(b) The competent authority shall decide in consultation with the Chief Controller of Defence Accounts (Pension) and if necessary, with the civil authorities also whether the offence is a serious one and if so, he shall order the removal of the pensioner's name from pension list, from the date of the commencement of his imprisonment. Pension thereupon shall cease to be payable from that date.

(c) If the competent authority decides that the offence is not so serious as to justify the removal of the pensioner's name from the pension list, it shall not be removed, the payment of arrears of pension due from the date of last payment before imprisonment shall be made on release from prison.

(d) If a pensioner is sentenced to imprisonment to imprisonment for a criminal offence by a lower court CWP No. 11566 of 1999

but is acquitted, on appeal, by a higher court the pension withheld shall be restored.

(e) If a pensioner is in imprisonment for debt, pension shall continue to be paid."

A perusal of the above Regulation would show that pension given to a pensioner could be suspended, discontinued or withheld on the conviction of such a pensioner by a Court of law.

Clause (a) clearly delineate the cases where payment of pension is to be suspended. It provides that the suspension of pension is to take place from the date of imprisonment. Clause (b) of Regulation 82 further provides the powers of the Chief Controller of Defence Accounts (Pension) to decide in consultation with civil authorities as to whether offence committed by a pensioner was serious one which would result into removal of the name of the pensioner from the list and thereupon pension shall ceased to be payable. Clause (c) of Regulation 82 postulate that if the competent authority comes to a conclusion that the offence was not so serious as to justify the removal of the name of the pensioner from the pension list then his name should not be removed and all arrears of pension are required to be paid. We are unable to see any illegality in the action of the respondents that the offence committed by the petitioners was not a serious offence. Explanation (a) appended to Para 4(4) of the Regulations reads as under:

"Grant of Pension is subject to future good conduct

4. XXX XXX XXX XXX CWP No. 11566 of 1999

EXPLANATION: (a) The expression `serious crime' or offence means a crime or an offence under the Indian Penal Code or Official Secrets Act or any other law for the time being in force in the country for which the maximum punishment prescribed under the law is imprisonment for a period of three years or more with or without a fine. [M/D No. 12(17)/86/D (Pen/Ser) dated 29/8/88]"

The above reproduced Explanation (a) explains the expression `serious crime' to mean any offence committed under the Indian Penal code or Official Secrets Act for which the maximum punishment prescribed under the law is imprisonment for a period of three years or more with or without a fine. The petitioners have been convicted admittedly, under Sections 323, 148 and 149 IPC According to Section 148 IPC the offence of rioting armed with a deadly weapon is punishable for three years or fine or both.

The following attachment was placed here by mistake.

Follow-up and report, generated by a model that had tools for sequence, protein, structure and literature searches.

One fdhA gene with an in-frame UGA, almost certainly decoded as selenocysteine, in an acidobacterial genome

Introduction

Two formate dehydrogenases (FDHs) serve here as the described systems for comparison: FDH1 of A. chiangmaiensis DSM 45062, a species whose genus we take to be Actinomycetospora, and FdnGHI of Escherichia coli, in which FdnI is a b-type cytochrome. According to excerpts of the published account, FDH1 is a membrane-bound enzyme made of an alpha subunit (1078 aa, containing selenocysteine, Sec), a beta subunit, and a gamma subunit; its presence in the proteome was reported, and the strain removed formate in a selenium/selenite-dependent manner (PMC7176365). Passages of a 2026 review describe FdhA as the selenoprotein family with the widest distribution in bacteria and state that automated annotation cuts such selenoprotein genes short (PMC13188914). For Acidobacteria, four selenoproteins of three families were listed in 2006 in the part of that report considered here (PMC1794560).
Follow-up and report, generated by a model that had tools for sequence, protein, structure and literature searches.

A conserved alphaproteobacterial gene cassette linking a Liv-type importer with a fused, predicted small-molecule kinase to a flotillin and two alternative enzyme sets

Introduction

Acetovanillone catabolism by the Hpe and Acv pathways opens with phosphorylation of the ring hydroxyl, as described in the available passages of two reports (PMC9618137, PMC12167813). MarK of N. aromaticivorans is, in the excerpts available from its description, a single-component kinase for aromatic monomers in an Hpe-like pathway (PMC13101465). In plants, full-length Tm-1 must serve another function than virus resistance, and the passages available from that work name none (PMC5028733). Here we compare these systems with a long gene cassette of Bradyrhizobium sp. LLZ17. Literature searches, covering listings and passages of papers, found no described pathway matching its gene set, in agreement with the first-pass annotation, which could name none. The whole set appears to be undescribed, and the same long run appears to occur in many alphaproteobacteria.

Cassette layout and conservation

Therefore, by no stretch of imagination it could be concluded that the offence committed by the petitioners was not a `serious crime' as the maximum punishment prescribed under the law is imprisonment for a period of three years or more with fine.

The first argument of the learned counsel, therefore, falls to the ground when he argued that the offence under Sections 323, 148 and 149 of IPC cannot be regarded as a serious crime. The statutory provision of Explanation (a) appended to Sub-para (4) of Para 4 of the Regulations itself regards an offence such as Sections 323/148/149 IPC as a serious crime because the offence under CWP No. 11566 of 1999

Section 148 IPC is punishable with three years and with or without fine.

The second argument that it would result into double jeopardy, is also wholly misconceived. The concept of double jeopardy emanates from Section 2 of Article 20 of the Constitution, which provides that no person is to be prosecuted and punished for the same offence more than once. It is well settled that proceedings before departmental and administrative authorities cannot be considered as proceedings of judicial nature as postulated by Article 20(2) of the Constitution. In S.A. Vanktaraman v. Unionof India, AIR 1954 SC 375, a delinquent employee was dismissed from service after holding a regular inquiry under the Public Service Enquiry Act, 1960. He was later prosecuted under the Prevention of Corruption Act, 1988 and the Indian Penal Code. It was held that the proceedings of the departmental inquiry did amount to prosecution for an offence within the meaning of Article 20(2) of the Constitution. The aforementioned view was followed by a Constitution Bench of the Supreme Court in Jawala Ram v. State of Pepsu, AIR 1962 SC 1246. Therefore, we have no hesitation to reject the second argument raised on behalf the petitioners.

No other argument has been urged.

The writ petition is, thus, wholly without merit and the same is accordingly dismissed.



CWP No. 11566 of 1999


July 18, 2006 JUDGE